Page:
School District of South Orange and Maplewood
Guidelines for Outdoor Recess in the Elementary Schools
Part of our healthy daily routine in the South Orange-Maplewood Schools includes
outdoor recess at the elementary school. Research shows that children need fresh air,
exercise, and sunshine. Physical activity is not only healthy for a child’s body, but it also
stimulates brain activity. Play—whether vigorous or sedentary—can provide intense skill
learning. Physical activity is known to lessen the symptoms of mild attention deficit
disorder, and is associated with much lower incidences of childhood obesity. A daily
break of fifteen minutes or more in the school day plays a role in improving learning,
social development, and health in elementary school children.
All six elementary schools strive for standardizing the decision-making for outdoor
recess based on weather conditions, and elementary principals use the following
guidelines to determine whether it is appropriate for students to go outdoors:
Students have the appropriate clothing
The temperature, including the wind-chill, is no lower than 20 degrees Fahrenheit.
It is not raining heavily
The wind is not excessive
Playground safety is a factor at each individual school site
o There are no icy conditions on the play surfaces
o Steps and walkways are cleared of snow
o There is no heavy ice on branches or power lines in or near the play area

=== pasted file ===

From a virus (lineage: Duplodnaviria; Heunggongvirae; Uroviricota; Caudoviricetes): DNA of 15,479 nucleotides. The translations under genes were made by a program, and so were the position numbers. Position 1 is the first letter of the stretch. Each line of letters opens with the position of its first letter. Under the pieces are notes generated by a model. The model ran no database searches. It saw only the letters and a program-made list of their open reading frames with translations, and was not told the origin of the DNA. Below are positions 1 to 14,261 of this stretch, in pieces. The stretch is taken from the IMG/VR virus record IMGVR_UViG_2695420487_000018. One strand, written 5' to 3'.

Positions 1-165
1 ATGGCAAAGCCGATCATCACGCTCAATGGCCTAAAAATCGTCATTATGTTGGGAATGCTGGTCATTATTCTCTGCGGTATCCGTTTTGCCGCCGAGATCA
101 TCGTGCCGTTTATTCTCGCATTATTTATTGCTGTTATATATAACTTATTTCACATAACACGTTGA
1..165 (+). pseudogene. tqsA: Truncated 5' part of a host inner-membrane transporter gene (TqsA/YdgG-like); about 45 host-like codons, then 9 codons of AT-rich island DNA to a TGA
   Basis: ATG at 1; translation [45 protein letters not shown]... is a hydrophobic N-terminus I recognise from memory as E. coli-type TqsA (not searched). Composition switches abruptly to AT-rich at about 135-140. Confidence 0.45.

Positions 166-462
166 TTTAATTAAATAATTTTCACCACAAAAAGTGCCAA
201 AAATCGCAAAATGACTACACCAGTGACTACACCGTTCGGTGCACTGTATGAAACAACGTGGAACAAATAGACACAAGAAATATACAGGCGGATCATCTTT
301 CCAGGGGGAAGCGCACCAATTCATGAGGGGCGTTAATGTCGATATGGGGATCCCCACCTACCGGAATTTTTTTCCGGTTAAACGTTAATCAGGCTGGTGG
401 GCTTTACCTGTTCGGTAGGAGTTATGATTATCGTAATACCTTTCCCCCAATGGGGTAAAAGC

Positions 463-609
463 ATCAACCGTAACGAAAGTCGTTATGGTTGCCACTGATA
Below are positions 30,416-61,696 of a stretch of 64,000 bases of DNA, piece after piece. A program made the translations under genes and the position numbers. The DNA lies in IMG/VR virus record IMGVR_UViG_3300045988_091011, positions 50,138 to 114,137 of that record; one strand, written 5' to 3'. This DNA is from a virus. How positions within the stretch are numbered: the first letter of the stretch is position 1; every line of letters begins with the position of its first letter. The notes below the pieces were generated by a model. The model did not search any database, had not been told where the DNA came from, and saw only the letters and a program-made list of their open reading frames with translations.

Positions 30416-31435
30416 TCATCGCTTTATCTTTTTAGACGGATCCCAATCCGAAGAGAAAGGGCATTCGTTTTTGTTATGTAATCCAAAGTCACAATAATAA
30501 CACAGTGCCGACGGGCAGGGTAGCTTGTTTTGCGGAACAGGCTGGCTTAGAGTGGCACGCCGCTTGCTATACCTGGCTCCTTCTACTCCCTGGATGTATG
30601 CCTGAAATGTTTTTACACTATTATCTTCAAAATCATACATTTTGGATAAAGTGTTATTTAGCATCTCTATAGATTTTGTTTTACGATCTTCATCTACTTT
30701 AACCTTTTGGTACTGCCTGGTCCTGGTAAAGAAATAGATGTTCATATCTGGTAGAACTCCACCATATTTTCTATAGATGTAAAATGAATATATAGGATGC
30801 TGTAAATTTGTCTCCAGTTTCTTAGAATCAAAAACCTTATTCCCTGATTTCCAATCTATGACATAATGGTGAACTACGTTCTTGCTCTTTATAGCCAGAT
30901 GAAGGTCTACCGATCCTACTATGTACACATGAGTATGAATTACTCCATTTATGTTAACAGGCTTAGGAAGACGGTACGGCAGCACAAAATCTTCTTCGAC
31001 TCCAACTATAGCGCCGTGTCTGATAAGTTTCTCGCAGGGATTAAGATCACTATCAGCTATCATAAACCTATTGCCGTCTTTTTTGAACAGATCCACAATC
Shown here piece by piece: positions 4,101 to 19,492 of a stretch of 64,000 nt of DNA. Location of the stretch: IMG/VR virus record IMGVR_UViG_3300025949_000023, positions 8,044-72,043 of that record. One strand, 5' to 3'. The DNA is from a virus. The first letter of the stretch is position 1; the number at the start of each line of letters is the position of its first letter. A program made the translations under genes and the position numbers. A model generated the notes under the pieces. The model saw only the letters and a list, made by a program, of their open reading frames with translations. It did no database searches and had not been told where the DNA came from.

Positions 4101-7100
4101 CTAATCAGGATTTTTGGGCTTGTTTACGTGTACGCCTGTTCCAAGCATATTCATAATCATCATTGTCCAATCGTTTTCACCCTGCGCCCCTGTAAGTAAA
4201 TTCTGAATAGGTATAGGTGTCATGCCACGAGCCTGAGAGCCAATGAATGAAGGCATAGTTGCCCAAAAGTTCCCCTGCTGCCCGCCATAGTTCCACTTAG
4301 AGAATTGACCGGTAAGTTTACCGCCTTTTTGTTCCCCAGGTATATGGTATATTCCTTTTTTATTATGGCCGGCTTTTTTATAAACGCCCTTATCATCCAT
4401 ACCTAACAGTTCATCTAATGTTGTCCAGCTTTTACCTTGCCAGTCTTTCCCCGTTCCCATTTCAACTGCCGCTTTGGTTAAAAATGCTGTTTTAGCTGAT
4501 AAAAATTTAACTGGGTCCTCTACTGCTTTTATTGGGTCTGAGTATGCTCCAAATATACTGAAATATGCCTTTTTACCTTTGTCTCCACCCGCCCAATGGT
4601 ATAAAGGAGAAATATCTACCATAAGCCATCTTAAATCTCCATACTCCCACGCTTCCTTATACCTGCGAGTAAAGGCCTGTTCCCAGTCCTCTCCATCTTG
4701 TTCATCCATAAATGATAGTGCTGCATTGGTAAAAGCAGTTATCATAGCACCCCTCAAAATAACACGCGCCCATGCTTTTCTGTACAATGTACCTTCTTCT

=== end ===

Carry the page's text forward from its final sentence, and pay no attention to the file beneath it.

o Metallic playground equipment is not too hot to the touch
There is a sufficient number of staff members to supervise children both indoors and
on the playground in the event it is necessary that a group of children need to
Keeping active everyday will help make children less vulnerable to illnesses in cold
weather. Children are usually thrilled to go outside when the snow begins to fly. To
ensure that children have a safe and fun winter at school, the following clothing is
recommended: a winter jacket, a warm hat, warm mittens or gloves, and boots. This
will ensure a comfortable recess for all. Dressing in layers helps to keep children
comfortable during fluctuations in the temperature both indoors and outdoors.
Since children who have recess behave better and are likely to learn more, they should
not be excused from outdoor recess without a written medical reason from a physician.
Further, a child should not miss his or her entire recess period as a consequence for
work missed in the classroom or as a consequence for an infraction.